Think About What You Eat

By David Steinkraus

SOMERS - "You know, we eat blindly in America," Arthur Shattuck said on Saturday morning.

We eat foods because we like them, he said. "Well, that's what my 4-year-old tells me," he said.

That means we're not making conscious decisions, he said, and that was what he was out to change.

Shattuck, a practitioner of Oriental medicine in Racine, was at the University of Wisconsin-Parkside on this particular morning for a mini workshop about food as a cure for illness. His audience was 36 women and one man.

Physicians will tell you that anything you put in your body to cure a symptom can be viewed as a drug - whether it be a drug or an herb.

In China, Shattuck said, there are hospitals which specialize in treating illnesses only with diet. The man who taught him food therapy, Shattuck said, and who also knew acupuncture and herbal remedies, first tried to cure people's ills with food.

"And he said everything's a Band-Aid unless you eat right," he said.

Only if food therapy doesn't work does this Chinese doctor resort to acupuncture, herbs, or surgery, he said. "And not everybody has to eat the same way," he said.

It was to eat better that Jo Lueck, 48, of Kenosha, came to the workshop.

"I've been doing acupuncture - having acupuncture done - for 15 years now, and it works real well for me," she said. "It fascinates me that the right food for the right body type ... will make things work better. And I would like to incorporate that into my life and then use acupuncture as a Band-Aid when I need it."

"I'm a shiatsu therapist," said Cyndee Mateja, 27, a resident of Kenosha, where she owns the Zen Den and practices the Japanese finger-pressure therapy. She came to learn more about Chinese food theory for herself and her clients.

The Chinese start from the idea that illness occurs because the body is out of balance, Shattuck said. "You don't get sick because a germ entered your body, but because your body wasn't strong enough to fight it off," he said. And because people don't live perfectly, they need tonics to keep their bodies healthy, he said.

When Chinese medicine was developed 5,000 years ago, there was no germ theory, no microscope, no molecular biology to explore the insides of cells, he said. Dissection of human bodies was forbidden, he said, so Chinese physicians had to invent explanations for what happened inside the body between the time that food went in and waste came out.

They looked at nature, and because they believed the human body was a reflection of nature, they developed an analogy to a covered pot of stew, he said. Food enters the stomach and is heated by fire from the kidneys. Some steam escapes the stomach and that becomes chi (pronounced chee), a concept that has no Western equivalent but means roughly energy. Some of the steam condenses and that becomes urine.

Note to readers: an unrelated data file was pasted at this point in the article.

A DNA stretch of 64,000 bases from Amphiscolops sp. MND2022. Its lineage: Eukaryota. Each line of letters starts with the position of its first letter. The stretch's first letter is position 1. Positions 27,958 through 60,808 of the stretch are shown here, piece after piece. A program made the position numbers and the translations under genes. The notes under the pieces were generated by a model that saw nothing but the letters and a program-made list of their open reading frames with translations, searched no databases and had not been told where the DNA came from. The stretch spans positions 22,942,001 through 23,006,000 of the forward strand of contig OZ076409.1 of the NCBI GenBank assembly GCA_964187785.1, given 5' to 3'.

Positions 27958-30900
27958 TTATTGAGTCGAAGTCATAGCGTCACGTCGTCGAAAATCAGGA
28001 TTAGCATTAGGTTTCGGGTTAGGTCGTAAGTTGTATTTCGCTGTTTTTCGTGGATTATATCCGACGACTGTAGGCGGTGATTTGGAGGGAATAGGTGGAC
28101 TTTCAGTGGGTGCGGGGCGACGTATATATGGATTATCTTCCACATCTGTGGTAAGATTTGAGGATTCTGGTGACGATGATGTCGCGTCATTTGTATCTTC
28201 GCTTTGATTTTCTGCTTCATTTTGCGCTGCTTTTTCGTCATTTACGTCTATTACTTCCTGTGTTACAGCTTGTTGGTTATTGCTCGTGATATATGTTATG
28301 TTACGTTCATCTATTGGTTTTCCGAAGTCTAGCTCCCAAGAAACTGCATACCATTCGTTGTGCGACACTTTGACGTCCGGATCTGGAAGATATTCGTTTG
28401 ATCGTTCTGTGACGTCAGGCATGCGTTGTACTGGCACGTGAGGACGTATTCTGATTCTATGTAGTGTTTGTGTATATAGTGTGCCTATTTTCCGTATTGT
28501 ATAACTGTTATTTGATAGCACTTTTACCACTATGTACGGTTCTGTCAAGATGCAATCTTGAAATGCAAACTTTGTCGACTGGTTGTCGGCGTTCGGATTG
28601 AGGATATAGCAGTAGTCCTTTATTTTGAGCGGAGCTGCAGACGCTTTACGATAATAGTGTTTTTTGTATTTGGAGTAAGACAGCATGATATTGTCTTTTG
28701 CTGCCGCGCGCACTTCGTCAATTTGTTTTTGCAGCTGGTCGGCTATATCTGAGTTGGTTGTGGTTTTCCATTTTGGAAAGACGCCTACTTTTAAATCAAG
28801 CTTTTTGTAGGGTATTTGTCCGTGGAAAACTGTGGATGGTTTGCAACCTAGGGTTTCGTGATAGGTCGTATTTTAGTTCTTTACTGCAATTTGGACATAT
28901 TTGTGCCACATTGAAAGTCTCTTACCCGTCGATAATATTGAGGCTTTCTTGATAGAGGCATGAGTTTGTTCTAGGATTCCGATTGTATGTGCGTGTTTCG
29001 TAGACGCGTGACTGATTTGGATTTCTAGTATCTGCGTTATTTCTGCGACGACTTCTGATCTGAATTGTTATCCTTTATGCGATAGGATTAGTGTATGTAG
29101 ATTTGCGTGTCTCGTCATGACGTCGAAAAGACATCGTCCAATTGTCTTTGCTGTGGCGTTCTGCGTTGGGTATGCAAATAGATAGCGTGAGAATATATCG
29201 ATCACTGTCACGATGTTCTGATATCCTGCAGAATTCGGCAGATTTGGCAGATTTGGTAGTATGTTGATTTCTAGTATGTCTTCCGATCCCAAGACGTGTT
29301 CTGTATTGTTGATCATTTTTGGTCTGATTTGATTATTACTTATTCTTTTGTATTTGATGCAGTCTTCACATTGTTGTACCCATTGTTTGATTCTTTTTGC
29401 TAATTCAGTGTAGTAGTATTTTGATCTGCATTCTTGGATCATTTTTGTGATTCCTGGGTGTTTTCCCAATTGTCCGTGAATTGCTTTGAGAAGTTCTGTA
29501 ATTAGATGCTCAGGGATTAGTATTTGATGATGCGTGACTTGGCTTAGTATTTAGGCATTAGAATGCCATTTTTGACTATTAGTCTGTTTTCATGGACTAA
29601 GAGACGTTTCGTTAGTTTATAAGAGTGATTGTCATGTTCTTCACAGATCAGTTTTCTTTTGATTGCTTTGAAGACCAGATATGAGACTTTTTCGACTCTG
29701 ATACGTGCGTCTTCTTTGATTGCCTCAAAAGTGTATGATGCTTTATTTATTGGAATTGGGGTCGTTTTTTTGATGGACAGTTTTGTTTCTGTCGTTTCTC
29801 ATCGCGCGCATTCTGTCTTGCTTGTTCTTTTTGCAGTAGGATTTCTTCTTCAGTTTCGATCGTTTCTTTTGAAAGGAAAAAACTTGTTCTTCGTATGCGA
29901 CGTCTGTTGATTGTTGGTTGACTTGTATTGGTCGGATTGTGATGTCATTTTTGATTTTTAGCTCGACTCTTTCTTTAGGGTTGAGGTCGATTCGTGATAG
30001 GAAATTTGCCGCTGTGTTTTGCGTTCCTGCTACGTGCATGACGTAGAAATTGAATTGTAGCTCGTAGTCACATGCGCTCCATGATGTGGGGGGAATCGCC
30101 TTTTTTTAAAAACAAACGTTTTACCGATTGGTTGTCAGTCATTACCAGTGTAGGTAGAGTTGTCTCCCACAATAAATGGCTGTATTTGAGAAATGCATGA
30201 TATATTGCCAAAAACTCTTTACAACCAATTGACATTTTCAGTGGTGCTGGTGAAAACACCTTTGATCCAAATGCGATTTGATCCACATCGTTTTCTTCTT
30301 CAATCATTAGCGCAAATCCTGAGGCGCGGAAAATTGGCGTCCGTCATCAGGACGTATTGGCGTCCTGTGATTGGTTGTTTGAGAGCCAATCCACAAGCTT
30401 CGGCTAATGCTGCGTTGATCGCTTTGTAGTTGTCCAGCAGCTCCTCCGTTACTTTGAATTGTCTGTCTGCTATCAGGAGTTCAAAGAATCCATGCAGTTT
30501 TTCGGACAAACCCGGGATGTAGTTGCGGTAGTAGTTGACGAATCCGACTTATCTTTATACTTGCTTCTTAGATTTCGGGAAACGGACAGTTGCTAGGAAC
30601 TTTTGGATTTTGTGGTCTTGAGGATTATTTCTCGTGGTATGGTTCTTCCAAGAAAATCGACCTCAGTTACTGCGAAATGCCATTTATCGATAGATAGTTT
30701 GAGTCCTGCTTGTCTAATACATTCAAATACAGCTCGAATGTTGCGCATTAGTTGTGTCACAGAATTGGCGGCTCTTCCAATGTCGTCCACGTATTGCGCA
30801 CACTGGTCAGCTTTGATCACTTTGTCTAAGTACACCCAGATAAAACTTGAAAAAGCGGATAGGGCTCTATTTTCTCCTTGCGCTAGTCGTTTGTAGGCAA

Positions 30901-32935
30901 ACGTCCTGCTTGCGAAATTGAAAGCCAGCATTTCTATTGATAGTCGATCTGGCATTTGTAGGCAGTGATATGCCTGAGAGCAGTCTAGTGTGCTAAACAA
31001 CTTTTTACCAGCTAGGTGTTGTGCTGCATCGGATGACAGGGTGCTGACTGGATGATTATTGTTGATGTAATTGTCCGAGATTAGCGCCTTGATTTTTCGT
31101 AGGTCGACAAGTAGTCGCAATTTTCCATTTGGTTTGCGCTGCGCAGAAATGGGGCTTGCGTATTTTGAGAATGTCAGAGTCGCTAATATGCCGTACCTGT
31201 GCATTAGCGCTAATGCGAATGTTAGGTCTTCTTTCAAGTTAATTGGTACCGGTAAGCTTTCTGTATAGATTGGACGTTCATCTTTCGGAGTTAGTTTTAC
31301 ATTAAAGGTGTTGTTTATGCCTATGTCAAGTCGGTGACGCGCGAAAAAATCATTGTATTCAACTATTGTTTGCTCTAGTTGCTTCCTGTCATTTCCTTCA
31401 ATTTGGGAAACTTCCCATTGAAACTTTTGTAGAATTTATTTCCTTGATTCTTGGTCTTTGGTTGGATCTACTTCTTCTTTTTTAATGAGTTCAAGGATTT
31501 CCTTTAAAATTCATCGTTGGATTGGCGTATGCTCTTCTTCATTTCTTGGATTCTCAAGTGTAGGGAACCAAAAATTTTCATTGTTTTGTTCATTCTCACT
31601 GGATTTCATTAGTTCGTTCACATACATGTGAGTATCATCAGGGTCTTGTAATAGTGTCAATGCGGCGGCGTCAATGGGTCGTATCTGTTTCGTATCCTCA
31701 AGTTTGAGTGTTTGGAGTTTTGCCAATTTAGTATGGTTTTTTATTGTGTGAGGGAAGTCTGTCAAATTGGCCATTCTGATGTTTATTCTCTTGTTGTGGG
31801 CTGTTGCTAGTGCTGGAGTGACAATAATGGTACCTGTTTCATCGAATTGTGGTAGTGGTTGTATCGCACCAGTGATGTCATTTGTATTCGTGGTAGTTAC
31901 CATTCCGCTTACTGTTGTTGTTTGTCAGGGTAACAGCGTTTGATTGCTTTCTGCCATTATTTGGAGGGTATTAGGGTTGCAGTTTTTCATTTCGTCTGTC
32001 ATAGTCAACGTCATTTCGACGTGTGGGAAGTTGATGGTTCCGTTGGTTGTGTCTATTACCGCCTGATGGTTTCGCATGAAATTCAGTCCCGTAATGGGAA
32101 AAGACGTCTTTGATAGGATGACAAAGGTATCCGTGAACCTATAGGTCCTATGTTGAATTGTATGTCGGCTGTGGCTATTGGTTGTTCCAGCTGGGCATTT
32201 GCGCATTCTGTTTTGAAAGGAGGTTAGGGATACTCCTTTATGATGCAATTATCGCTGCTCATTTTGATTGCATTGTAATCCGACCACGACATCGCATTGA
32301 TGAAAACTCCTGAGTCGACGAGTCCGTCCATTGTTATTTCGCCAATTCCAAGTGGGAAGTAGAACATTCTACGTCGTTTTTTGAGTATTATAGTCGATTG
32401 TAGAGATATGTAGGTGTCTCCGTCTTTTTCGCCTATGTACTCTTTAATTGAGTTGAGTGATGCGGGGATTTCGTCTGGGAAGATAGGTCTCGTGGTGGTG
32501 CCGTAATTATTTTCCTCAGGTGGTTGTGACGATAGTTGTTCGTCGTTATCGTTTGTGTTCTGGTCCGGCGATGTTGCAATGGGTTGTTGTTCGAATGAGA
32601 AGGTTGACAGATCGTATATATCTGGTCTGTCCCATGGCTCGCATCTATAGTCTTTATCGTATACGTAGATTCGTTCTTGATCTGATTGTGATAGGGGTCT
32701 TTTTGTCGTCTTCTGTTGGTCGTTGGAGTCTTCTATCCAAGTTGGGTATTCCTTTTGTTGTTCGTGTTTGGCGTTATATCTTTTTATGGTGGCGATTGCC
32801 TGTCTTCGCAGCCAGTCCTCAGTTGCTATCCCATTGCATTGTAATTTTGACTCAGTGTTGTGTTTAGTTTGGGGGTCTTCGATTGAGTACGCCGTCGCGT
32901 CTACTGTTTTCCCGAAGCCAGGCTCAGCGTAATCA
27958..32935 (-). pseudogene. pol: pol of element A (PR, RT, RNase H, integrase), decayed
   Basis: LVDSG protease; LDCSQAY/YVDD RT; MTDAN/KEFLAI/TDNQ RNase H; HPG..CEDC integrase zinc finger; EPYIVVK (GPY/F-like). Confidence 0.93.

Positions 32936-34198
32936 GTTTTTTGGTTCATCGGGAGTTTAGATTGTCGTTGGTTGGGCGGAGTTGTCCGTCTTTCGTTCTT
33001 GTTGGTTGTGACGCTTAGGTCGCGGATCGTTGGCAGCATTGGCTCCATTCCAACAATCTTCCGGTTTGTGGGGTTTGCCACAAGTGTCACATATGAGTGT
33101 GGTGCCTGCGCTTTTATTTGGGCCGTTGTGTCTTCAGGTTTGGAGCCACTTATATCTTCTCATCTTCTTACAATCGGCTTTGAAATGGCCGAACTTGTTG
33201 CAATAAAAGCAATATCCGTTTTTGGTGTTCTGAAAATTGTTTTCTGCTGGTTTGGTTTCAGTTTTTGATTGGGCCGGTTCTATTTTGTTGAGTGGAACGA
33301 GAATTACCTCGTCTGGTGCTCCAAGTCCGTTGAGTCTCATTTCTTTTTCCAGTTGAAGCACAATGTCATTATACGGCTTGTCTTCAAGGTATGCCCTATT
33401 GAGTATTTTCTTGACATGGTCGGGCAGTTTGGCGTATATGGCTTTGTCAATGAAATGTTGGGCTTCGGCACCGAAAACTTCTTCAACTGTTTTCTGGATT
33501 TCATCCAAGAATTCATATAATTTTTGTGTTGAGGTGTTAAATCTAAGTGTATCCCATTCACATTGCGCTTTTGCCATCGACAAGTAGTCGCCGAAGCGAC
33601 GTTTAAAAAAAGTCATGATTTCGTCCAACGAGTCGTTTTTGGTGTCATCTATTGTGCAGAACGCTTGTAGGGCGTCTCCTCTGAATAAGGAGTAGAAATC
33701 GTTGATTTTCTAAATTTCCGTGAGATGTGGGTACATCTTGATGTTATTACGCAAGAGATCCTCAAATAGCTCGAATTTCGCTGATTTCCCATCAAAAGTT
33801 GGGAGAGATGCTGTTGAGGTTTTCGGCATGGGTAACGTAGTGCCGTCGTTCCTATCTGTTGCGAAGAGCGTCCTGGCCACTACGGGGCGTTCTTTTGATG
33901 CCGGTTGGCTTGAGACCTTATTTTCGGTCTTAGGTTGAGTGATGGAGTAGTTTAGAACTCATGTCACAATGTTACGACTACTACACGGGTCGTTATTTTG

If the kidney fire is suppressed by eating the wrong foods, over time dampness builds up, leading to illness, he said. So Chinese doctors say that Westerners have so many phlegm-based diseases because they eat too much cold food. And that's why you don't get ice water or cold salads in traditional Chinese meals, Shattuck said.

The five tastes of the Chinese system - sweet, bitter, salty, pungent (for example, goat cheese or mint), and sour - are all linked to different organs and emotions, he said.

All this sounds odd to Western minds, used to modern biology and the quest to understand the details of everything. But, Shattuck said, the Chinese don't necessarily question why something works, nor does the lack of a rigorous explanation of their medical system prevent it from working.

Not everything about Chinese food therapy sounds strange, he said. "And you already know a lot of this information," he said. You know, for example, that if you eat too much salt you'll retain water and your blood pressure may increase.

Chinese medicine goes further, specifying that certain foods are best eaten at certain times of the day, and that the tonic properties of foods are most effective at certain times of the year. So in this system, people who suffer from bronchitis in January should drink mint tea during December, he said. In the Chinese system this will help strengthen their lungs, Shattuck said.

"People who are asthmatics love minty things," he said.

Chinese medicine intersects with Western ideas, too. Grains, advocated by dietitians as the basis for our diets, are said by Chinese doctors to eliminate the dampness that causes illness, Shattuck said.

After he learned food therapy, he said, he set himself a goal of changing his diet over the course of a year. His own breakfast now is a small piece of sweet potato and a porridge, called congee, made from whole grain.

"And, oh, by the way, end of the year I lost 30 pounds, cholesterol went down," Shattuck said.

Taken from the Journal Times, November 16, 2003

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